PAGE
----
In December, financial services research group Cardlytics published a survey of more than 3,000 UK banking consumers to try to isolate what the industry could do to drive up Open Banking interest and adoption rates.
It concluded that there were four key factors which financial firms need to address if they are to get the British public onside: Trust, Awareness, Customer Experience and the much-discussed “Value Exchange”. The researchers found that consumer trust has been dented in recent years by a vast number of data breaches and incidents of data misuse.
Much of the power to address this issue lies with the legacy players, according to the Cardlytics report, because “providers with whom consumers already have a financial relationship, are most likely to succeed with the consumers tempted by Open Banking propositions”.
Dave Tonge, chief technology officer at Moneyhub, says legacy financial players should be doing more if consumer adoption rates are to increase significantly.
“A lot of the main banks have offered a pretty poor experience so far which has held things back. It is difficult to build good adoption when apps have been down for a couple of days or there has been an unfriendly consumer experience.”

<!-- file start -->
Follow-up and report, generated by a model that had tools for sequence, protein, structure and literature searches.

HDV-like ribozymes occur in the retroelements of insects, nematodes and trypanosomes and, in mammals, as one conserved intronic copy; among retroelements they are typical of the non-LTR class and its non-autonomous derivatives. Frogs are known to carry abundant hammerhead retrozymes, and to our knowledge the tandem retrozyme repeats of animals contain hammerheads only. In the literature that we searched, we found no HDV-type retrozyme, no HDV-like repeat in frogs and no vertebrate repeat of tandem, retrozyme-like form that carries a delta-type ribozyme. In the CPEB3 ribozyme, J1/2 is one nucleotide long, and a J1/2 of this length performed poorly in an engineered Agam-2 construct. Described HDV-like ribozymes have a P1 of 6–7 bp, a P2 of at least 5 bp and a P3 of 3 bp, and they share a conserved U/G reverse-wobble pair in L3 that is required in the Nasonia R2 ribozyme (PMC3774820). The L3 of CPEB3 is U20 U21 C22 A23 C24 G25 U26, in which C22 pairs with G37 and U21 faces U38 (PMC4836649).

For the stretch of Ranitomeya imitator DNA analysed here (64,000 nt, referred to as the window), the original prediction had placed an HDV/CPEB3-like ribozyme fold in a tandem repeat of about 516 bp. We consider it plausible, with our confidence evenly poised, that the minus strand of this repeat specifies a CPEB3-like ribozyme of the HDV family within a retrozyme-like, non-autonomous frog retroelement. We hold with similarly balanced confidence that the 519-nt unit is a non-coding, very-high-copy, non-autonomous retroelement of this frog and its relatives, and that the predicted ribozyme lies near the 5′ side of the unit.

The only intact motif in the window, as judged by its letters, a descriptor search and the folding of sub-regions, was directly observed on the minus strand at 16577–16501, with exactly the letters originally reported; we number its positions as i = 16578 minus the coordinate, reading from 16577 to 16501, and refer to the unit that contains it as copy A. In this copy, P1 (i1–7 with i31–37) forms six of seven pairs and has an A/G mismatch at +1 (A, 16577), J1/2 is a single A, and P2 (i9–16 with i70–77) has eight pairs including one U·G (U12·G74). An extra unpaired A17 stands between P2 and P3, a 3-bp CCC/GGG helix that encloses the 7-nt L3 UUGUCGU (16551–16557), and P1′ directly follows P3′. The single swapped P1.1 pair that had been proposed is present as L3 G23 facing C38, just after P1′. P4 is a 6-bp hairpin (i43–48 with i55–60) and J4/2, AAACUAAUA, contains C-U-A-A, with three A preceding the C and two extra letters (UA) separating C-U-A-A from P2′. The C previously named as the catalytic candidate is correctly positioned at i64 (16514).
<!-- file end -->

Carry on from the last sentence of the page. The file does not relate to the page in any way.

Despite this perceived slow start, the legacy banks still top the trust ratings among consumers, according to the Cardlytics survey. Apart from banks, the most trusted non-banking providers in the UK were found to be utility providers, healthcare providers and loyalty schemes.
Raising awareness of Open Banking among consumers is an issue that divides market commentators. The Cardlytics research found that 74 per cent of the 3,000 surveyed hadn’t even heard of Open Banking, but this isn’t necessarily a problem, according to many in the industry, who believe that adoption rates will improve naturally as products and services improve.
“It is about solving actual customer needs and problems, rather than just building stuff for the sake of it,” explains Jack Burrows, managing principal at technology consultancy Capco.